"I think at 35 years old, you could say that, maybe at 45," Collins said, nodding his head. "I don't think that's the case at 59. I'm a grandpa now with four grandkids and I think you see things differently. I think you get older with vision and a perspective that changes.

"When you're younger you just roll up your sleeves and you're gonna fight the world and make it all right and stuff. Then, in the words of the late Chuck Daly, you learn to pick and choose your battles."

Daly, the Hall of Famer who guided the Pistons to back-to-back NBA championships and the Dream Team to Olympic gold in 1992, used to call it "selective hearing."

Collins calls it just one of the things he's gleaned from all of the other coaches he came in contact with during his past seven years as a TNT analyst after being fired by the Wizards following a two-year stint during Michael Jordan's comeback in 2003.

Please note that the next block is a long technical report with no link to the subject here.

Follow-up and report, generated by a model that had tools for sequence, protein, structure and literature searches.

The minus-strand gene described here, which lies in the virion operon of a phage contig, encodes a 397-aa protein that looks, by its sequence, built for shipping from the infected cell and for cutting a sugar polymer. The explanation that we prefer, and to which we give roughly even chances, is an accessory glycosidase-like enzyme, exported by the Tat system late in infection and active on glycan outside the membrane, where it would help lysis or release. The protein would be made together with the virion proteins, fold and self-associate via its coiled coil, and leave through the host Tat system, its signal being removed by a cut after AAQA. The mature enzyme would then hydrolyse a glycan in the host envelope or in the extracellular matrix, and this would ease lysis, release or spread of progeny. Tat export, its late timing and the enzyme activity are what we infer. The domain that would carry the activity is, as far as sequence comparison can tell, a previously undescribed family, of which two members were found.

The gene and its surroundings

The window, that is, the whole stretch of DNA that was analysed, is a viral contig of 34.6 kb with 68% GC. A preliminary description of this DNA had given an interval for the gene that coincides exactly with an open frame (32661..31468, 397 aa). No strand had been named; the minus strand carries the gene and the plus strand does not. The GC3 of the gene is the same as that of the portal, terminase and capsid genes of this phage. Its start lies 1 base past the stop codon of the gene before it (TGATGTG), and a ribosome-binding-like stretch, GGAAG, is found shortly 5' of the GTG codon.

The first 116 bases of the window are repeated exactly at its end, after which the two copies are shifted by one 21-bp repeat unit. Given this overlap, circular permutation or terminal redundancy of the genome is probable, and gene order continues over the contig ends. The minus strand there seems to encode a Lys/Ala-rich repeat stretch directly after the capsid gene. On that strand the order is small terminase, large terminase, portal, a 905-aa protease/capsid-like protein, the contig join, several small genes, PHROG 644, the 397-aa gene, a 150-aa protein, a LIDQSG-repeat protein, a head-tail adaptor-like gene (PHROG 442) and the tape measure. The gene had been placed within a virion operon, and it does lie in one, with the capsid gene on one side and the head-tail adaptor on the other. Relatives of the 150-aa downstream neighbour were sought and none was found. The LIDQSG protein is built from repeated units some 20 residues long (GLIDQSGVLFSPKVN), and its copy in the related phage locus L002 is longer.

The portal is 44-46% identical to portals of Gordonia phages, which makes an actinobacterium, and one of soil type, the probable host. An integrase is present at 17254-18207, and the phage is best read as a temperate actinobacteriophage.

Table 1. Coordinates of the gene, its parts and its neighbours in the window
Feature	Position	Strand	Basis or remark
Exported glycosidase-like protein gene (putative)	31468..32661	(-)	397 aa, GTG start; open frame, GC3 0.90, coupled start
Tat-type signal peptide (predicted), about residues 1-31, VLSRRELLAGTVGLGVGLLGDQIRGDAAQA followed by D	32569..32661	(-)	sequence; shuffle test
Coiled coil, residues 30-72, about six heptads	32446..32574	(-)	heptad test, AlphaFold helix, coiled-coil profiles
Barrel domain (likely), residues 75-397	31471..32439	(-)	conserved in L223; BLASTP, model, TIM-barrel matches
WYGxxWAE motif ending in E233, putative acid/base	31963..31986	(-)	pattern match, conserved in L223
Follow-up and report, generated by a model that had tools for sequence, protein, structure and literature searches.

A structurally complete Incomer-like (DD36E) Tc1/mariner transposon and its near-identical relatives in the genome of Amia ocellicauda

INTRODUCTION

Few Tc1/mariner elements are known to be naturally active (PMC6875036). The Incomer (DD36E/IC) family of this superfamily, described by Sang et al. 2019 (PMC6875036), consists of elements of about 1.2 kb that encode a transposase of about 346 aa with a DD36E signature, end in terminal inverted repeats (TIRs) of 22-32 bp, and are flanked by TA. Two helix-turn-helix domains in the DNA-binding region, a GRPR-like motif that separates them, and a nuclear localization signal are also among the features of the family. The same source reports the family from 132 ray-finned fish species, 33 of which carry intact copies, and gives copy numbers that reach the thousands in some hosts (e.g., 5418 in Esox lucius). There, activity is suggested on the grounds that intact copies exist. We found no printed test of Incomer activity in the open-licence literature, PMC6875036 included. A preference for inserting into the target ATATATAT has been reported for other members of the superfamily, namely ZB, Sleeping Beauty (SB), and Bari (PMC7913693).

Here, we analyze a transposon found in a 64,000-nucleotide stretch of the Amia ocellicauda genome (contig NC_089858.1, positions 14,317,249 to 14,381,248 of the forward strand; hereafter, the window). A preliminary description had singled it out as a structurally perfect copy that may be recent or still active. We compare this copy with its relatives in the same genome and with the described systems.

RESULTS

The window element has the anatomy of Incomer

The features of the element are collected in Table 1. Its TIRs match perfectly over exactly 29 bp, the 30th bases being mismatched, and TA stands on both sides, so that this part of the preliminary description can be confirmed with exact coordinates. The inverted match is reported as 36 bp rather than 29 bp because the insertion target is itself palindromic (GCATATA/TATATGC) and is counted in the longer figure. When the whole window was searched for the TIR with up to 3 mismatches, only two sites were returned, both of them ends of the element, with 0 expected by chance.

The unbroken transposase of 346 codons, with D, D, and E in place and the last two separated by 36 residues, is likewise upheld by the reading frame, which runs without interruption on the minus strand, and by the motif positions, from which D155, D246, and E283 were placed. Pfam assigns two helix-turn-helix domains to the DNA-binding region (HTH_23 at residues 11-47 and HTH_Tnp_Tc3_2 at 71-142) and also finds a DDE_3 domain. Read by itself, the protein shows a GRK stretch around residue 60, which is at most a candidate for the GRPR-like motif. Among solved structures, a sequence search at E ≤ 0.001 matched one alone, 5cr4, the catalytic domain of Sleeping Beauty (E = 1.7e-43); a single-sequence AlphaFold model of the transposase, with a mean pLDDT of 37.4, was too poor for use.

"I always knew I was gonna do it again," he said. "I always knew I was gonna coach again. I was not gonna rush back into it. It was gonna pick a situation that I thought fit who I am and what I do as a coach. I've always gone to teams that have been down and have some talent. I feel like I'm a teacher. I feel that I create an environment where guys get better.

"The one thing I've felt is that wherever I've gone, the teams have gotten better. We won more games. I've always felt that wherever I've left has been better for me being there and I don't mean to say that in an arrogant way."